Uses for Crimson Bee Balm

A member of the mint family, crimson bee balm (Monarda didyma) is also known as bergamot or Oswego tea. A tall perennial with an aggressive growing habit, crimson bee balm has clusters of red flowers that bloom in the summertime. The flowers paired with dark green foliage makes crimson bee balm stand out wherever it grows. Native to the Northeast in North America, bee balm is a well-rounded plant with more than one way to use it.


Crimson bee balm creates a colorful border plant in the garden. Because of its bright red flowers and shade tolerance, it has value as an ornamental plant. Bee balm spreads easily by rhizomes, sometimes overwhelming other plants in the garden. Control the invasive nature of bee balm by dividing the plant every three years or use it to naturalize in an informal wildflower garden, where it can spread at will. In the vegetable garden, bee balm will boost the flavor of tomatoes, when used in companion planting with tomato plants.


A perfect plant to bring in the wildlife, bee balm's nectar-filled blossoms attract bees, butterflies and hummingbirds. Bee balm plants have a long flowering season with blooms lasting around two months. It blooms summer to fall in the North, and early spring to early summer in the South. A butterfly garden would be incomplete without this invaluable plant.


The dried leaves of the bee balm plant have a taste similar to bergamot orange oil. The bergamot orange gives the popular English black tea, Earl Grey, its flavor. The Oswego Indians used bee balm leaves to make tea, giving bee balm its other common name, Oswego tea. The tea became popular after the Boston tea party as a substitute to the teas that came from England. The edible bee balm flower heads taste like mint, an interesting flavor to add to salads and desserts. The bee balm leaves will also flavor recipes that call for oregano. Crimson bee balm gives a spicy, minty oregano flavor to cooked dishes.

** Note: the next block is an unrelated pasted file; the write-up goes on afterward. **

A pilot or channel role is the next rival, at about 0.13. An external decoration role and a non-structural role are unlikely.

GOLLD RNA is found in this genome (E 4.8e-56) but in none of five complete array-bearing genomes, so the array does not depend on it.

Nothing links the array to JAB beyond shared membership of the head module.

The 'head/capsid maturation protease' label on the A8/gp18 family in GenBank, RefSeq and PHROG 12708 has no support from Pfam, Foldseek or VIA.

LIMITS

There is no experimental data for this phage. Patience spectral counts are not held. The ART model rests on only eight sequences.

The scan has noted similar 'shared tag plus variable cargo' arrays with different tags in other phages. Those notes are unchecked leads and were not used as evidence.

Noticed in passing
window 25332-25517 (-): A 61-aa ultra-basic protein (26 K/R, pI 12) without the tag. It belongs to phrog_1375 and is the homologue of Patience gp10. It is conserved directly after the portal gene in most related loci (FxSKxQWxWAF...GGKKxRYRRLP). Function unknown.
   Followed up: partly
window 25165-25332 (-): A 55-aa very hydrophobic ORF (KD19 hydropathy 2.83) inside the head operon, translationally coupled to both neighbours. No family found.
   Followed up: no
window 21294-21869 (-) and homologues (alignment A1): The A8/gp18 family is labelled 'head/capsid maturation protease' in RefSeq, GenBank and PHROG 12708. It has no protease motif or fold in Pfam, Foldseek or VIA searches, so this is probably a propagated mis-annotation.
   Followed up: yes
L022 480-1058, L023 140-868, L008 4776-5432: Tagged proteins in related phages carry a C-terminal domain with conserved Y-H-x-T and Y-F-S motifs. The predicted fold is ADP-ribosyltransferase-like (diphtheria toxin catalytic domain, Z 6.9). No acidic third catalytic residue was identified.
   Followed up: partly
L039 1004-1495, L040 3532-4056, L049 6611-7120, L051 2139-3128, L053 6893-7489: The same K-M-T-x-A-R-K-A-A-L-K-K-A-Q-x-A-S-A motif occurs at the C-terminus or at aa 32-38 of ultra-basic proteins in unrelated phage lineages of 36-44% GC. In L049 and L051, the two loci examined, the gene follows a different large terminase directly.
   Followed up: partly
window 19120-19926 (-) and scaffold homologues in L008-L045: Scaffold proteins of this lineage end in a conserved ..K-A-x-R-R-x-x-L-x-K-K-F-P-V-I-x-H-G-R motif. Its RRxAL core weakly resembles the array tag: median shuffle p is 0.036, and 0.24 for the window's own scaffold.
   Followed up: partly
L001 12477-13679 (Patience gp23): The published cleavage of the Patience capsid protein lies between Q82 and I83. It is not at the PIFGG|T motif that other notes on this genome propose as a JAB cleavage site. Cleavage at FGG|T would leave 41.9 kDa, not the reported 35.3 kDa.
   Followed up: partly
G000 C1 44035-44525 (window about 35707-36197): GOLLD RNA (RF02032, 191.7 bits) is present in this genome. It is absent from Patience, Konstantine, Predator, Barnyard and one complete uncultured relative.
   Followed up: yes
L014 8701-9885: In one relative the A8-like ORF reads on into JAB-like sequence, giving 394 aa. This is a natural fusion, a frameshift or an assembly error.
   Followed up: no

The Indians used bee balm to sooth toothaches and other mouth problems. Even today, thymol, the active ingredient in commercial mouthwashes, comes from bee balm. Bee balm tea was used to destroy bacteria and intestinal parasites, effective because of the thymol found in the leaves. Making a pumice with crushed leaves from bee balm soothes bee stings, sore eyes and other skin problems.

Keywords: bee balm uses, flowers attract hummingbirds, Oswego tea plant

About this Author

As a freelance writer, Sarah Conant has been writing for two years. With a strong background in English and biology, Conant's expertise is pet and garden articles. Her writing has been featured in many websites, including